In ancient Rome, you could tell a lot about a person from the look of their garden. Ancient gardens were spaces used for many activities, such as dining, intellectual practice, and religious rituals.

Curious Kids: How did the First Person Evolve?

We know humans haven’t always been around. After all, we wouldn’t have survived alongside meat-eating dinosaurs like Tyrannosaurus rex.

Ring-like Structure on Ganymede May Have Been Caused by a Violent Impact

Researchers from Kobe University and the National Institute of Technology, Oshima College have conducted a detailed reanalysis of image data from Voyager 1, 2 and Galileo spacecraft in order to investigate the orientation and distribution of the ancient tectonic troughs found on Jupiter’s moon Ganymede.

Tracing Evolution From Embryo to Baby Star

Astronomers using the Atacama Large Millimeter/submillimeter Array (ALMA) took a census of stellar eggs in the constellation Taurus and revealed their evolution state.

“Woodhenge” Discovered in the Iberian Peninsula

Archaeologists conducting research in the Perdigões complex in the Évora district of the Iberian Peninsula has uncovered a “Woodhenge” monument.

New Fossil Discovery Shows How Ancient ‘Hell Ants’ Hunted With Headgear

Researchers from New Jersey Institute of Technology (NJIT), Chinese Academy of Sciences and University of Rennes in France have unveiled a stunning 99-million-year-old fossil pristinely preserving an enigmatic insect predator from the Cretaceous Period -- a 'hell ant' (haidomyrmecine) -- as it embraced its unsuspecting final victim, an extinct relative of the cockroach known as Caputoraptor elegans.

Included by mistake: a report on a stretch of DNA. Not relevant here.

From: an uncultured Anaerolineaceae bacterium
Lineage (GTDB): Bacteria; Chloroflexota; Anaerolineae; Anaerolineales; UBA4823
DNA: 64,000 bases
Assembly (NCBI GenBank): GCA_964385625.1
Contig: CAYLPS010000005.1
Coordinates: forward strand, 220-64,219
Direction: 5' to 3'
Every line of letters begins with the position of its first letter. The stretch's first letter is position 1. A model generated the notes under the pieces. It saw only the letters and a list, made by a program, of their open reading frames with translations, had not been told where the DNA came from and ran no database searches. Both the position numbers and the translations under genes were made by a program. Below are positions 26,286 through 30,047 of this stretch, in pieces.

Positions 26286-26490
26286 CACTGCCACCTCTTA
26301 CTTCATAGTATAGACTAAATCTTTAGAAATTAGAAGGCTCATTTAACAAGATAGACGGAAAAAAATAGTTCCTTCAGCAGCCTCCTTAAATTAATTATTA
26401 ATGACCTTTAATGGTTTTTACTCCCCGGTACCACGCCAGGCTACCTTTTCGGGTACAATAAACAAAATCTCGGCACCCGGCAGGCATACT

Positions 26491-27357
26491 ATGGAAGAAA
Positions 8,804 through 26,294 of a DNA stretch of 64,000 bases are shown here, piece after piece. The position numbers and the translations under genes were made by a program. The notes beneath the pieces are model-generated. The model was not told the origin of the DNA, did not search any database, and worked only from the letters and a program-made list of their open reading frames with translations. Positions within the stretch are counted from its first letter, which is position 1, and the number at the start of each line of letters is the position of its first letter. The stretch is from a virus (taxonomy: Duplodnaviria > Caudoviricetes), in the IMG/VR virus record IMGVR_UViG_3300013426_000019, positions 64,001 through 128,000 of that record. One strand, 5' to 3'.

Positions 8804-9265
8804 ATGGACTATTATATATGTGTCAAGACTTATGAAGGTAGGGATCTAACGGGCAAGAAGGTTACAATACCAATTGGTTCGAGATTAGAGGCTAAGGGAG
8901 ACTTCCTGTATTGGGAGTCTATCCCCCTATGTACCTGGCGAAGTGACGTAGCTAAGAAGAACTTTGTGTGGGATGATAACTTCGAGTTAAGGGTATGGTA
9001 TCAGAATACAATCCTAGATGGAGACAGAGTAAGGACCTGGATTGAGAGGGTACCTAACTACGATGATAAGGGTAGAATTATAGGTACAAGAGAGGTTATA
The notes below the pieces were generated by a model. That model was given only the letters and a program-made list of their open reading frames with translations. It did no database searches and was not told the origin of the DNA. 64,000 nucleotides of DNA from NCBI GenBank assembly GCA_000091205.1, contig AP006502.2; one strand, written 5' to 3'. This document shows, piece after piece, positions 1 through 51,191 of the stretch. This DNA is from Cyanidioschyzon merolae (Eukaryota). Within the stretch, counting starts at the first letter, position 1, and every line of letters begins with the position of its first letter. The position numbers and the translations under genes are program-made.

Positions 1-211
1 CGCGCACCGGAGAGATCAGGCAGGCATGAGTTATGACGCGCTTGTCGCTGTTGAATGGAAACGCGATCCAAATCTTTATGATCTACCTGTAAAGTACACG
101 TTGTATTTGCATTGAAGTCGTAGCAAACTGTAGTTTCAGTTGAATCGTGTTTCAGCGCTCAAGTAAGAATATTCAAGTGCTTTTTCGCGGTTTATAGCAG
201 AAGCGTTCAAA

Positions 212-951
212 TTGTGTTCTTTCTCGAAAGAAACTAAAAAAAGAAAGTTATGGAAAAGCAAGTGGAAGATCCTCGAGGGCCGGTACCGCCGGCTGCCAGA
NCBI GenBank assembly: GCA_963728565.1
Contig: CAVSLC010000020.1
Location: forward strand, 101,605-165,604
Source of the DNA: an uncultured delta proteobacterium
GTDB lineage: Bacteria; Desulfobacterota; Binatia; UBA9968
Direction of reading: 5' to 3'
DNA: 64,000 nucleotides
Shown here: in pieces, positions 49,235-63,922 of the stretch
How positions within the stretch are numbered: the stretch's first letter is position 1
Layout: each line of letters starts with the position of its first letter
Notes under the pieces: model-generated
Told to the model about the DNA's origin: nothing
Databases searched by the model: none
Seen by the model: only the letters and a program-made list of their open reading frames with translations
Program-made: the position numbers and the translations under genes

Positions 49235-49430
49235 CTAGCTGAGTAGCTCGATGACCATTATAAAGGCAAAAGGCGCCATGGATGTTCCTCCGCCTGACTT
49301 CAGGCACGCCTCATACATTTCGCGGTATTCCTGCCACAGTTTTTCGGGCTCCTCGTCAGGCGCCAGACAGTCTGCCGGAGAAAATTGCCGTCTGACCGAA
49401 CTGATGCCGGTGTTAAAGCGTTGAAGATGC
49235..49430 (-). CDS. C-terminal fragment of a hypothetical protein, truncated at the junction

New Algorithm Suggests That Early Humans and Related Species Interbred Early and Often

A new analysis of ancient genomes suggests that different branches of the human family tree interbred multiple times, and that some humans carry DNA from an archaic, unknown ancestor.

Long Neck Helped Reptile Hunt Underwater

Its neck was three times as long as its torso, but had only 13 extremely elongated vertebrae: Tanystropheus, a bizarre giraffe-necked reptile which lived 242 million years ago, is a paleontological absurdity.

Popular stories

Port Royal – The Sodom of the New World

Port Royal, originally named Cagway was an English harbour town and base of operations for buccaneers and privateers (pirates) until the great earthquake of 1692.

Matthew Hopkins – The Real Witch-Hunter

Matthew Hopkins was an infamous witch-hunter during the 17th century, who published “The Discovery of Witches” in 1647, and whose witch-hunting methods were applied during the notorious Salem Witch Trials in colonial Massachusetts.

Did Corn Fuel Cahokia’s Rise?

A new study suggests that corn was the staple subsistence crop that allowed the pre-Columbian city of Cahokia to rise to prominence and flourish for nearly 300 years.

The Real Dracula?

“Dracula”, published in 1897 by the Irish Author Bram Stoker, introduced audiences to the infamous Count and his dark world of sired vampiric minions.